With their initial air strikes involving some 40 attack aircraft and 50 cruise missiles against al Qaeda and Taliban assets in Afghanistan, the United States and United Kingdom are off to a good military start in the struggle against global terrorism.
The United States and its partners ruled out a ground war against a country that has been the graveyard of invading superpowers for centuries. They decided against a broad-ranging Kosovo-style air war against a country lacking many strategic targets or the food stocks and other necessities needed for civilians in Afghanistan to survive such attacks. Instead, their attacks have been confined primarily to military and government targets, with the notable exception of questionable strikes against power plants.
They began humanitarian relief efforts from Day One of their attacks to relieve the misery of innocent Afghans and underscore the fact that this is not a war against Muslims.
Finally, the Bush administration and Blair government took almost a month to prepare the military campaign. That allowed them to coordinate efforts with the Afghan resistance, Pakistani intelligence and numerous countries prior to commencing operations. It also should have allowed commandos to be deployed. These steps should maximize the odds that Afghan resistance forces will be able to profit quickly from initial bombing attacks, going on the offensive while the Taliban is reeling from the initial attacks. If we are lucky, they may even give special forces a chance to seize bin Laden, because he may come up for air to assess damages after a few days of bombing.
But many difficult military decisions lie ahead: how to strengthen the Afghan resistance; how to support it on the battlefield; whether to broaden the military effort to target other countries that have harbored and encouraged terrorists; and whether to go after Saddam Hussein in Iraq. Although many details need to be worked out, future military strategy should include the following basic elements:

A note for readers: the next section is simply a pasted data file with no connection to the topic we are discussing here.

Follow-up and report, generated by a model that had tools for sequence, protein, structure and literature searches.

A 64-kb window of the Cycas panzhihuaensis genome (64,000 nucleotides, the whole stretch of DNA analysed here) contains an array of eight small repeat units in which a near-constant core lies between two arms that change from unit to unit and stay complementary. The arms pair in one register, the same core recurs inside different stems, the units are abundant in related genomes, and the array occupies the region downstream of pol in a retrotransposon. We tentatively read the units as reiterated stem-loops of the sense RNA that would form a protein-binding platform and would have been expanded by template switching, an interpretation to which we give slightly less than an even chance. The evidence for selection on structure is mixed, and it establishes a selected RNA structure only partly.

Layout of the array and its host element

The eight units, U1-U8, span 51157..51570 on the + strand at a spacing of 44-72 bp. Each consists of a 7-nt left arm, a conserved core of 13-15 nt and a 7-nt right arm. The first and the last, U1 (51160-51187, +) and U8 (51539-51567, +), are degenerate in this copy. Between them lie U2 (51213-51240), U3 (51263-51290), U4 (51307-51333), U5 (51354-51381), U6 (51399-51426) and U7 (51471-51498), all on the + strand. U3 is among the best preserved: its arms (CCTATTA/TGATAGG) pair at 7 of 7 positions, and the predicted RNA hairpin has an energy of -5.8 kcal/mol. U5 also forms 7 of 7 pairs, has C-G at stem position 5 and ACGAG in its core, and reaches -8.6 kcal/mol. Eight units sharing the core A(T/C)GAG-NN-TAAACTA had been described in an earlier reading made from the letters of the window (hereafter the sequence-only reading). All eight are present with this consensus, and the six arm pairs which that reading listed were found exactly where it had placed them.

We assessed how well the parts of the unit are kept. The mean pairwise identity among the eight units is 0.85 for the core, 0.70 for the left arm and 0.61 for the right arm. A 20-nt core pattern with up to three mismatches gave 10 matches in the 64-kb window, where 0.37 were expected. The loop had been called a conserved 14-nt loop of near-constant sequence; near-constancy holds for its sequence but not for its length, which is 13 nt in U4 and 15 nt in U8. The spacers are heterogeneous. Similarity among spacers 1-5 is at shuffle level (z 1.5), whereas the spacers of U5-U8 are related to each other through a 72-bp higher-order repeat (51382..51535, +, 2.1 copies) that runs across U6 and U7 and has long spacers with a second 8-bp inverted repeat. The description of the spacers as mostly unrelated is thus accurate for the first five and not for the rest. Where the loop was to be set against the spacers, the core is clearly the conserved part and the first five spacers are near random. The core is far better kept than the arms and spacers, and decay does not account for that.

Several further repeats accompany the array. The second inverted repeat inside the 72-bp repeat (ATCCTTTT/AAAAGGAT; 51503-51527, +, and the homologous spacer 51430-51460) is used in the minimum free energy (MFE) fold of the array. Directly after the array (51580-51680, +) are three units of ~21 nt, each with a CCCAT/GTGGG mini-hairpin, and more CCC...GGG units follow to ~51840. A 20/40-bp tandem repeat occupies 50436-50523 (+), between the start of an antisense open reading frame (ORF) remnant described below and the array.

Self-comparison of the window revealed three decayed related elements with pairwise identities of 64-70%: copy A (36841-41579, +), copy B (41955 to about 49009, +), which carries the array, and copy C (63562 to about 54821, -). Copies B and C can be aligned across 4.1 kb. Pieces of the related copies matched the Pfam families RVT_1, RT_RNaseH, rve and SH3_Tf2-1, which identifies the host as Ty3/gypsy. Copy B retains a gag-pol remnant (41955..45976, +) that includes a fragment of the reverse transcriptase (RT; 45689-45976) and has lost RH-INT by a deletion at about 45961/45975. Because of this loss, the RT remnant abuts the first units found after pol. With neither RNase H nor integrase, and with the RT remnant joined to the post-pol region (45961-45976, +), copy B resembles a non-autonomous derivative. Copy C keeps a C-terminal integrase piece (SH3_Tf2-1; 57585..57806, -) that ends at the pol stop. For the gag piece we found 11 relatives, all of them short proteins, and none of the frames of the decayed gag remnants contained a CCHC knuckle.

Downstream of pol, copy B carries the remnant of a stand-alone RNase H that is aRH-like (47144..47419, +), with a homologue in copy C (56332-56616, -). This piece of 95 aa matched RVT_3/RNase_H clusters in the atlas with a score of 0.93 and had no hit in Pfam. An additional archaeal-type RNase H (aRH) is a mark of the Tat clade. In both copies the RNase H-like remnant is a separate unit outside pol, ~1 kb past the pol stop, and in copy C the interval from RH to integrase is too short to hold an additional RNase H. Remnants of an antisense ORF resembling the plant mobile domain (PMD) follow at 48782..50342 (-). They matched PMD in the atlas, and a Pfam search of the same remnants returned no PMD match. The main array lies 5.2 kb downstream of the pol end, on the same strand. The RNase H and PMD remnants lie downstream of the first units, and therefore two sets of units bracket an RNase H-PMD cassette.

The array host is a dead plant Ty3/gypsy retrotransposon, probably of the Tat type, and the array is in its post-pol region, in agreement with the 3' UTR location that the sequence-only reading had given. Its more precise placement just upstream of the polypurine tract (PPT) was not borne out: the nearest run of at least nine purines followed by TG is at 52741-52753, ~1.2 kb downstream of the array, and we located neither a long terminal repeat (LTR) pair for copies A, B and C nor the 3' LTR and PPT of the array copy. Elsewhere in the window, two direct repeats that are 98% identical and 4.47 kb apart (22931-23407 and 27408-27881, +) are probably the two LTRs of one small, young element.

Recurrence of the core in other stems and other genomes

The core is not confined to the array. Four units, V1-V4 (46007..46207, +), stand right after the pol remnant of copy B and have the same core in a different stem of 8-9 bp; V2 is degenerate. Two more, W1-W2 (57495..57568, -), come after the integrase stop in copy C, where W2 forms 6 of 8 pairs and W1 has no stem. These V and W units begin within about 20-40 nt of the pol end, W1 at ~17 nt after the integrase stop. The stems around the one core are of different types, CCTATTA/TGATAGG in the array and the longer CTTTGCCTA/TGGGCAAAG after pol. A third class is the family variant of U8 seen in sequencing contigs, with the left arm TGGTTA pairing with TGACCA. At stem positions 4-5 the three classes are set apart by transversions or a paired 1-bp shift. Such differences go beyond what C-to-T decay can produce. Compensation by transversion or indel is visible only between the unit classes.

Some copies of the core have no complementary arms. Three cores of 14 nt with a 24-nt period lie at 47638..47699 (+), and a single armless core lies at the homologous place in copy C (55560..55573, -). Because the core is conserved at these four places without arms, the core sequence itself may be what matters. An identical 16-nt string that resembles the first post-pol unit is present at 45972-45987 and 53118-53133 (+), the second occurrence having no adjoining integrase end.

Strengthen the Afghan resistance.
The Afghan resistance must be broadened beyond the Northern Alliance to include elements from various Pashtun tribes, in order that most Afghanis and Pakistan will accept it as a legitimate alternative government. The resistance also needs more help than it has received from its Russian benefactors. At present, the resistance is outnumbered perhaps 3 to 1 by Taliban forces and controls only 5 percent to 10 percent of the country.
In addition to weapons, the Afghan resistance needs training. That means putting Americans on the ground in Afghanistan. However, an element of restraint is required as well. We should not give the resistance weapons such as Stinger antiaircraft missiles that could come back to haunt us and our allies later, possibly being used against commercial airliners or other such soft targets. Even if one were prepared to entrust the resistance with such weapons, some could fall into enemy hands.
Support the resistance with American troops.
If the United States is not going to give resistance forces all the weapons they need, it will have to provide them with air cover. We need to be prepared for months of providing battlefield air cover.
If the resistance does not quickly take Afghanistan’s capital and other major cities and transportation routes, there ultimately might be a limited role for American and British ground forces in helping to deliver a coup de grace against the Taliban. But that possibility remains months away.
Do not attack other countries supporting global terrorism.
The United States should not conduct widespread strikes against the military and strategic assets of other countries harboring terrorist organizations besides the al Qaeda network. Localized strikes against the terrorists may be acceptable. Broader strategic campaigns against Syria or Iran or other such countries would sacrifice their cooperation in the fight against al Qaeda and make other nations wonder if the United States had lost its cool. Moreover, as unacceptable as Hamas, Hezbollah and most other terrorist organizations may be, they pale in comparison with al Qaeda, which must remain the primary target of our global coalition against terrorism.
Do not attack Iraq absent strong evidence.
Saddam Hussein is a dangerous actor, not beyond giving chemical or biological weapons to al Qaeda if he thought he could get away with it. If he has in fact begun to do so, he may have to be unseated from power to limit the danger as much as possible—necessitating not just a few airstrikes but Desert Storm II (with higher casualties likely in a march on Baghdad). However, that action cannot be taken without a strong case that his support for bin Laden has been real and important. So far, there is no such case.
The administration has made good decisions to date, but what has happened so far has been the easy part.
Emerging Voices Network Reception with Gareth Bayley, U.K. Special Representative on Pakistan and Afghanistan
The ceasefire shows yet again the leverage the Taliban now has thanks to its recent attacks. What’s most interesting is that the ceasefire doesn’t apply to the Islamic State. Whereas the Taliban have primarily attacked security forces, the Islamic State’s violence has much been much less selective, and has killed far more civilians. The Taliban’s strategy appears to have paid off— there’s popular support for a ceasefire with the Taliban, but not for one with the Islamic State.